I’ve had a lot of friends suggest I put it up as one of the reward tiers, putting a price of a couple thousand on it, hoping maybe some crazy rich person would pledge for it. At the same time though I’ve had other friends who scold me for thinking about it, saying I should keep it as long as I can. I’ve never been big on keeping my art, hell sometimes I just give it away at conventions, but the idea of giving away or selling a book with over 100 drawings in it is a bit hard to process. To be honest my biggest fear would be that the pages would get separated and distributed, and at the same time I would love nothing more than for people to have a little piece of Jupiter to themselves. I’M TORN. WHAT DO I DO? It’s literally just collecting dust in my studio! [Laughs] Maybe in a few years I’ll start tearing out the pages and gifting them or selling them. WHO KNOWS. I have to keep reminding myself that we are simply guardians of art until a new owner is found.
You offer high-level of backers a significant influence over the content of your book, particularly at the $250 level. Was that an easy decision to make, or did it feel more like a necessary evil in order to get funded?
It was 10% “necessary evil so I could get funded.” I figured people would be clamoring at the chance to be in the book. “TO BE IMMORTALIZED,” I kept repeating in my head. Overtime though, I’ve realized that the people who becoming part of the book WILL be immortalized, in my heart. Cheesy, ain’t it? I’m serious though! Those people who pledge at that level believe me and Jupiter enough to become a part of it, they trust in me to do a great job in taking their likeness and converting them into a legend of Jupiter. It’s super awesome, and they are super awesome. Ultimately though, I always wanted to have this be a THING in Jupiter, taking a few people and turning them into legends… It’s neat!
After 100 drawings and 100 stories, how connected are you to this world?
There’s a lot of it that I don’t remember. I look at the images and fragments of the stories come to me. Sort of like when you’re looking at an old photo of yourself hanging with friends. You might know when it was taken, what might have been going on in your life then, but you probably don’t remember it as well as you’d like. My connection to the world of Jupiter I’ve created is similar; I don’t try to force things into it. Instead I let those things come out when they want, and hope to hell they make sense and that I can jot them down before I forget them.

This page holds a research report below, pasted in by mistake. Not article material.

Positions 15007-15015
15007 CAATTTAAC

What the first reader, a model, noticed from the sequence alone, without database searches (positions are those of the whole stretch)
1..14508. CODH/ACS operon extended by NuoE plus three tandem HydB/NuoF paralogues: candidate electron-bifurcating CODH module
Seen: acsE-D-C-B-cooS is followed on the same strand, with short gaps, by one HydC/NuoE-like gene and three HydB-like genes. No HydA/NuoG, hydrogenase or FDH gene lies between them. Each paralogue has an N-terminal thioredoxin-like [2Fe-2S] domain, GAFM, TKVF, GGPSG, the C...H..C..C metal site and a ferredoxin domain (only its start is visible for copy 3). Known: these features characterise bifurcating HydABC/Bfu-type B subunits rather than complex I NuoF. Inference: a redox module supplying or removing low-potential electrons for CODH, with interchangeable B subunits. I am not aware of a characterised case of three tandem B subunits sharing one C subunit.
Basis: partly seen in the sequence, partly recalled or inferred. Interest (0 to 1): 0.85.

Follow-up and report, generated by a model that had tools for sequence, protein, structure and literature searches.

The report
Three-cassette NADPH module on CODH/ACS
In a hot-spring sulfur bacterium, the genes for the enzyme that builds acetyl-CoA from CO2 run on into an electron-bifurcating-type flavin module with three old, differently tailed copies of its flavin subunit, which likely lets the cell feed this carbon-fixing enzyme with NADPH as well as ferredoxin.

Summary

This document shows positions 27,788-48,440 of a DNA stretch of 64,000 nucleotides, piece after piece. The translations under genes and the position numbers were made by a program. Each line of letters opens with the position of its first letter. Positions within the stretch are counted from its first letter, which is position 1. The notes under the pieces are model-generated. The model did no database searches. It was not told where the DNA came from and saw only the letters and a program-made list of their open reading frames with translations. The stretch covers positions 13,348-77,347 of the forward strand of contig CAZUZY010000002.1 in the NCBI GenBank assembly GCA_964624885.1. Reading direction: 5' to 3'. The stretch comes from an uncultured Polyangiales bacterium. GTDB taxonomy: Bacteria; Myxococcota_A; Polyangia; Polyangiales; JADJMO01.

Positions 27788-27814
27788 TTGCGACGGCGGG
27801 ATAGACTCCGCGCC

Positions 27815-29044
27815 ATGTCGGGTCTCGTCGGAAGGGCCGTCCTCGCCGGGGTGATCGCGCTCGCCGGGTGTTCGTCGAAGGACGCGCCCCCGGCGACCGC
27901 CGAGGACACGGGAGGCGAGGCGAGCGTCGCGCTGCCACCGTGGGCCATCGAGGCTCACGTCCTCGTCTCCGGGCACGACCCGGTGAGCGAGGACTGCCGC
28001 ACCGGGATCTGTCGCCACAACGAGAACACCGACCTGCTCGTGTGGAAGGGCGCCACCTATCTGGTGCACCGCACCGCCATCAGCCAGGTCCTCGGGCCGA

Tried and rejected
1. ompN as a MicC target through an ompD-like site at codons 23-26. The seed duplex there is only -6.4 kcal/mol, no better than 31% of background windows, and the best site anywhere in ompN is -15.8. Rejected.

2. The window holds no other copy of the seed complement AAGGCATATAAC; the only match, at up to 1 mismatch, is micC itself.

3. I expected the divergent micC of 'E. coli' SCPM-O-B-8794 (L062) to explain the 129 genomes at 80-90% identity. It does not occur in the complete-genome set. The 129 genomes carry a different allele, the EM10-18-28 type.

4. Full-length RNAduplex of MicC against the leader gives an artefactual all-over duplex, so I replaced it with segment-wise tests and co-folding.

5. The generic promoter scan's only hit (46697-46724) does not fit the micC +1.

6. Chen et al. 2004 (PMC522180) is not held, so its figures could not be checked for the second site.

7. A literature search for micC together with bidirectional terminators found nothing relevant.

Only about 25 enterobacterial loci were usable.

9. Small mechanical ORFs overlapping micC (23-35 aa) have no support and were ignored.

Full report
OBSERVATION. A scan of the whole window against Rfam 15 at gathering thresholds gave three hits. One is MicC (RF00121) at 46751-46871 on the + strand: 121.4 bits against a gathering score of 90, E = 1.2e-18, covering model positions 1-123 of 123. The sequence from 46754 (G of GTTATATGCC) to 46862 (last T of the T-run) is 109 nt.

What’s the scariest part of the project for you?
The scariest thing for me was not being able to fund it. After Day 2 of the Kickstarter, the fear was completely obliterated.
Now that the campaign is funded, are you thinking ahead about future stories?
I’ve been planning this for a while; the illustrations in Jupiter are actually from a 2013 Moleskine daily planner. I’ve got a 2014 thats nearly half full, and a 2015 that I’m currently filling. The next book will be slightly different, though; some of the stories will be written by guest writers (some of which will be some notable comics people!) I’m looking forward to seeing what people write to a piece of art that’s already been created.
Jupiter is just one of many projects you’re working on. How do you balance it all?
I have no damn idea. I can’t deny that I’m late on some projects and have had to pretty much cancel or put other projects on hold, but Jupiter has been done for several months, and I just needed to get it out of my system.
What keeps you cranking out pages, day after day after day?
BILLS, MAN. BILLS. I literally have no choice, if I slow down or slack off I will be sleeping on the streets. No greater motivator than the risk of going homeless if you goof off too much. Also the fact that I’m getting old. I see all these young cats in the comic game making power moves, and I’ve just barely reached the big leagues at 34? I don’t have time to mess around, I need to keep moving, keep drawing. Draw or Die.
You can find Gabo on his website and on Twitter, and back his Kickstarter campaign for Jupiter for a few more days. Don’t wait.